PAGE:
November 8th, 2010
01:16 PM ET

iReport daily challenge: #BeAHero for healthy kids

Editor's Note: Learn about the top 10 CNN Heroes of 2010 and vote for the CNN Hero of the Year at CNNHeroes.com.

[Updated 11/8/10 at 12:10 p.m. ET ]

In response to yesterday’s challenge to “Be a hero for healthy kids,” we got tons of great suggestions for healthy kids’ snacks and meals. Thanks to everyone who participated!

Here are a few highlights:

-Dehydrated apples, bananas and tomatoes. "My baby granddaughter is almost two years old and she loves the fruit. It's about the only way she will eat fruit right now, besides baby food." –iReporter KCRep

-Red, White & Green Pizza Pinwheels: Whole wheat tortillas, marinara sauce, low-fat mozzarella cheese, fresh spinach. “Layer the sauce, spinach and mozzarella onto the tortilla, roll tightly and slice into toddler-size pinwheels." –Livsmum07

-Chicken pitas: Shredded chicken, sliced cherry tomatos, spinach leaves, sliced sweet peppers, bean sprouts, and a chipotle hummus all stuffed into a pita pocket. –KJ

-Fruit and veggie smoothies: “Bananas, strawberries and blueberries as a base, with Greek yogurt and then some carrots and spinach. The key is to balance the fruits with the veggies. I've never had a complaint about the smoothie yet.” –Katyna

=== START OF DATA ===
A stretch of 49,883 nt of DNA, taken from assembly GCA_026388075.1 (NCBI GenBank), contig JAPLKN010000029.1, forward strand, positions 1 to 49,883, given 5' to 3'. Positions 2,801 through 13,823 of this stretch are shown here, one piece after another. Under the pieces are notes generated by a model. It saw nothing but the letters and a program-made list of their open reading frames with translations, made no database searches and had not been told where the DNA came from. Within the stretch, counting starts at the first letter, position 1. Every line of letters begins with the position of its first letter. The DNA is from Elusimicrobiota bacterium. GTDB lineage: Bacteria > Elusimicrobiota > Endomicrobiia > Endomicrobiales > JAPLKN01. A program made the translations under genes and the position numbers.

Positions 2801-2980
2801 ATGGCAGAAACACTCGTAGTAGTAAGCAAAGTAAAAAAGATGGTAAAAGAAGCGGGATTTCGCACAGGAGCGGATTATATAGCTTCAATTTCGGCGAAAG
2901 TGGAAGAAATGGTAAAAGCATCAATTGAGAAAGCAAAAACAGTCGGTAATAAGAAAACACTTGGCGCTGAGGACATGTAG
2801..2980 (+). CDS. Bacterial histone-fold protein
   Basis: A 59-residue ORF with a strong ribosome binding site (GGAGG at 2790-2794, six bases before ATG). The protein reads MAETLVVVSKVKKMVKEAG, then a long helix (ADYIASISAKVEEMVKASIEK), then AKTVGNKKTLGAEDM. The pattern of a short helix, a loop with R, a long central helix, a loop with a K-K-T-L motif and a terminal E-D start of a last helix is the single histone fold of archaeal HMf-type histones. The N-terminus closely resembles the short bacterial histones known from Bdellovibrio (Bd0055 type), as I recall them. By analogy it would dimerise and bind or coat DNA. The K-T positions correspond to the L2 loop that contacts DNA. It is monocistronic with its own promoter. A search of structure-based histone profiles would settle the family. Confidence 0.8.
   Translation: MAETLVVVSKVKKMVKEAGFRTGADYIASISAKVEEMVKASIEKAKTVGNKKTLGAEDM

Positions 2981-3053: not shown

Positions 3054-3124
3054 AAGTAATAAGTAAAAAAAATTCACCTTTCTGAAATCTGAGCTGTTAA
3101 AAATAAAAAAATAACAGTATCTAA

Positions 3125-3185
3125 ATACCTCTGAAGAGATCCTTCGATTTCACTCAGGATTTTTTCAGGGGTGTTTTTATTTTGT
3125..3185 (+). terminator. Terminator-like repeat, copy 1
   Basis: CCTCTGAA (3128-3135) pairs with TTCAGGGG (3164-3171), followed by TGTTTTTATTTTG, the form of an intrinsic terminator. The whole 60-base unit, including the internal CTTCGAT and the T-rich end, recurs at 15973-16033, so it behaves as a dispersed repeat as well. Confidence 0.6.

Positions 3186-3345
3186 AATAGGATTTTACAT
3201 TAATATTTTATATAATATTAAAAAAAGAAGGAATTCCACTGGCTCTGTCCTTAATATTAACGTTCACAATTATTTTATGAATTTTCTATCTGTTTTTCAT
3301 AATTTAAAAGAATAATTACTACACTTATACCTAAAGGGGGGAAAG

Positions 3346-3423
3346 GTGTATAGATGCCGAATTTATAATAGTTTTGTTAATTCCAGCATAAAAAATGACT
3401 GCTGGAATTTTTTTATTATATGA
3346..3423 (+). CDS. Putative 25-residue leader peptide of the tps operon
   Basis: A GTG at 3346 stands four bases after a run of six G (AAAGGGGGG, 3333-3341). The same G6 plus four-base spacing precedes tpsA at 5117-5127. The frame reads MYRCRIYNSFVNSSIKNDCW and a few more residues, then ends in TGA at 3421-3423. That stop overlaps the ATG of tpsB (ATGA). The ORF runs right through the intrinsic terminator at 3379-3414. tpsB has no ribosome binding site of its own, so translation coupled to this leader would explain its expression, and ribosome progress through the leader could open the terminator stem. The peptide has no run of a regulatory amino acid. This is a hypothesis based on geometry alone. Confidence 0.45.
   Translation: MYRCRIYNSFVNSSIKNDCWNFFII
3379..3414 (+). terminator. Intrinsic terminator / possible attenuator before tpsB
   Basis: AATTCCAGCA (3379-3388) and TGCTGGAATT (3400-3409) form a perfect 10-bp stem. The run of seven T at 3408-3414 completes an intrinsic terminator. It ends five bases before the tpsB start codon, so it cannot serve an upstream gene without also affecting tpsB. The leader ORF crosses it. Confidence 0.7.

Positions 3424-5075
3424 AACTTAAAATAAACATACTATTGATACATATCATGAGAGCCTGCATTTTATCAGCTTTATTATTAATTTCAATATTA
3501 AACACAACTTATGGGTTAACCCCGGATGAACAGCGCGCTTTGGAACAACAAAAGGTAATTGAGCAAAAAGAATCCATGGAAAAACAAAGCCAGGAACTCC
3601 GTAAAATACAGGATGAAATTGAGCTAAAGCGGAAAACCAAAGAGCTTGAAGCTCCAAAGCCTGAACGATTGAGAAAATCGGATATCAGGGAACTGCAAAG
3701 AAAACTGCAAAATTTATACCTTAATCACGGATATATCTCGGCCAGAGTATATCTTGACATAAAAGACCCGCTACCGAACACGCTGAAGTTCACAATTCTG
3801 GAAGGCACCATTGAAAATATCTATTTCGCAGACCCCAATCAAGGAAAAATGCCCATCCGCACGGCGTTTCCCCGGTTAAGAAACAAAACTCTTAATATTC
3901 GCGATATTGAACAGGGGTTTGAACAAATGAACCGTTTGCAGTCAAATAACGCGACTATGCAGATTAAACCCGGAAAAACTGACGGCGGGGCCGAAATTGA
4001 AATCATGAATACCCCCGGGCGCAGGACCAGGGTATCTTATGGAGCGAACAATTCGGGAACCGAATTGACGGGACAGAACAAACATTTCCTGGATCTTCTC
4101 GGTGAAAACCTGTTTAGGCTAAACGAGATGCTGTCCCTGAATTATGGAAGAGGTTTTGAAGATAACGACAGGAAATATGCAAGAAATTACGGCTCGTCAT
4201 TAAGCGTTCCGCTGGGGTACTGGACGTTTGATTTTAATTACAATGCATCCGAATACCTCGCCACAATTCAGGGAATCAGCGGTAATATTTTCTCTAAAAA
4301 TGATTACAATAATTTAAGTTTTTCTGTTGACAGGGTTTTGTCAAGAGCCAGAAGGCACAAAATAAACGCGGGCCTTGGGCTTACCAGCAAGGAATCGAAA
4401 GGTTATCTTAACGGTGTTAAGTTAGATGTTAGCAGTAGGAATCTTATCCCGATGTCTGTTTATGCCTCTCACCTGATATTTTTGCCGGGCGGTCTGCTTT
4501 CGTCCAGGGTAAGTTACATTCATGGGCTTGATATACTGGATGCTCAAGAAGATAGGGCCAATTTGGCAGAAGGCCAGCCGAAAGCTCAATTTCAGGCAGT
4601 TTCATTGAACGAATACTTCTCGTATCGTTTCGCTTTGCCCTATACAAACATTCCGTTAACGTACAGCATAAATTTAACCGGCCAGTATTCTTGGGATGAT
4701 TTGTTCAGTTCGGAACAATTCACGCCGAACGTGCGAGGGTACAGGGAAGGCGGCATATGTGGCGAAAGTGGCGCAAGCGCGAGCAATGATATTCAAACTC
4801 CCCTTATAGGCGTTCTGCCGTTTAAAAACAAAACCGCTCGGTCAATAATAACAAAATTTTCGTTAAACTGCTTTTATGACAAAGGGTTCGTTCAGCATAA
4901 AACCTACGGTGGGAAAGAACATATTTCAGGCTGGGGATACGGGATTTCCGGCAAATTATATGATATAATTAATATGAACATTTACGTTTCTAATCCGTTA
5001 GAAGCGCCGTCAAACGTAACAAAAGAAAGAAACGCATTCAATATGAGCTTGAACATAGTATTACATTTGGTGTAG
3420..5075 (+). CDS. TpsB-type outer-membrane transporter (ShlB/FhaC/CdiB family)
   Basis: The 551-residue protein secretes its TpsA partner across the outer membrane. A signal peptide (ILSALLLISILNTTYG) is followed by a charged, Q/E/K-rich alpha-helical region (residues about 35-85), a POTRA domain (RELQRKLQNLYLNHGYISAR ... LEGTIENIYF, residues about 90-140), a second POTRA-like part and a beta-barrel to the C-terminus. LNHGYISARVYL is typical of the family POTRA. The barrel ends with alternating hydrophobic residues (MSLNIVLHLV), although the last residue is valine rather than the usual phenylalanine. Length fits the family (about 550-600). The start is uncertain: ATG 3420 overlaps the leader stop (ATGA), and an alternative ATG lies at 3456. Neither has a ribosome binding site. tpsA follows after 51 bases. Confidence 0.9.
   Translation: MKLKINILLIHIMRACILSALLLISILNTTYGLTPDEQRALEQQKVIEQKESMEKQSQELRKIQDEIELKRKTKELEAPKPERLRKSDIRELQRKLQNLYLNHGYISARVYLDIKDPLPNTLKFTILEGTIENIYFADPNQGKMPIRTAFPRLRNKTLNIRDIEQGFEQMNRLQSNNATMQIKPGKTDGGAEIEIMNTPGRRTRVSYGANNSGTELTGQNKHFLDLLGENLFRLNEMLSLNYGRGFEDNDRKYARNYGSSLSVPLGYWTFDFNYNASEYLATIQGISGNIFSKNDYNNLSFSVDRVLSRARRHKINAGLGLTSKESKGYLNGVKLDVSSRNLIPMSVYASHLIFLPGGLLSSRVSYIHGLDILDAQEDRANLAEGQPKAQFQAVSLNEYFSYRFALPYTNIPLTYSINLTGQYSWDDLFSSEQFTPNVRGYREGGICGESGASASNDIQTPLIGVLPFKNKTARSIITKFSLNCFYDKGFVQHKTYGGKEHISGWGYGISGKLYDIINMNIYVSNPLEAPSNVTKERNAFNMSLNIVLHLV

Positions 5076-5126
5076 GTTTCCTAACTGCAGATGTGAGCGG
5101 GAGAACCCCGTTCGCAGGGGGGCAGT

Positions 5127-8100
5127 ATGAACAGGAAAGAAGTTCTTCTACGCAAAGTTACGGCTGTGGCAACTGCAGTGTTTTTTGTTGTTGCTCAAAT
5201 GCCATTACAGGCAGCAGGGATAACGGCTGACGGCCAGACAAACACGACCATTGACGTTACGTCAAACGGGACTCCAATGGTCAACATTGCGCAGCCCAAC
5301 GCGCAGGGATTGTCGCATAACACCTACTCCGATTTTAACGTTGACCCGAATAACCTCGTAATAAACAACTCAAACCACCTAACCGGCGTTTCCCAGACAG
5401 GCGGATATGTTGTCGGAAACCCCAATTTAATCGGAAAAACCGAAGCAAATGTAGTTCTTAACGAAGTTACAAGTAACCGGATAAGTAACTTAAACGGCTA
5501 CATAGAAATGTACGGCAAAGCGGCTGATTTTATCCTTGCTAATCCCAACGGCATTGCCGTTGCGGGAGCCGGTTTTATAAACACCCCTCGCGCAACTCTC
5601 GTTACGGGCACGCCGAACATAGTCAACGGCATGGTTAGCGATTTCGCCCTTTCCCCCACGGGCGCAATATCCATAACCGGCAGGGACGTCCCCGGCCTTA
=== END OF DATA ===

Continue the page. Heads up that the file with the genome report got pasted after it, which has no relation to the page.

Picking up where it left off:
-Peanut butter happy face sandwiches: "A tablespoon of peanut butter spread on whole grain, then add a face: apple slices lips and ears, banana slices eyes with raisin pupils and eyebrows, a baby carrot halved for a nose. Let the kids make their own combos, just provide the face parts as above. Other good face parts are orange slices, sliced pears, shredded cabbage or coconut (nice hair), celery sticks, nuts, craisins, dried cherries, apricots, figs, prunes. Just tell them to choose carefully that they have to eat whatever they pick!" –Cindy Lou

-Jazzed up popcorn: 1 bag unflavored popcorn, 1 cup trail mix, 1/2 cup coconut, salt to taste – Jill

-"My kids could live happily with quinoa in every meal. I make it in veggie or chicken broth seasoned with garlic & cumin. Add garbanzo, tomatoes, bell pepper or eggplant for variety." –@Denicalifornia

For more ideas, check out these healthy-food sites from our readers:

http://www.10buckdinners.com

http://www.healthykiddosnacks.com

http://healthnutfoodie.blogspot.com

[Original post] Last week came news that San Francisco officials will ban toys from McDonald's Happy Meals – and other restaurant kids meals – unless they improve the meals’ nutrition with fruits and vegetables by December 2011.

The decision by the San Francisco Board of Supervisors is getting plenty of push-back from people who say the government shouldn’t force choices on them, or that parents, not fast-food chains, are to blame for fat children.

Let’s assume that parents want to do the right thing and just need a little help sometimes.

Today’s challenge is for the parents out there:

“Be a hero” for kids’ nutrition and share your favorite easy-to-make healthy kids’ snack or meal. It can homemade, store-bought or found on a restaurant menu.

Share your suggestions in the comments below, or tell us about it on iReport. We’ll showcase some of the best ideas tomorrow. And if you'd like to sound off on the McDonald's story, head on over here.

soundoff (64 Responses)
  1. Scottish Mama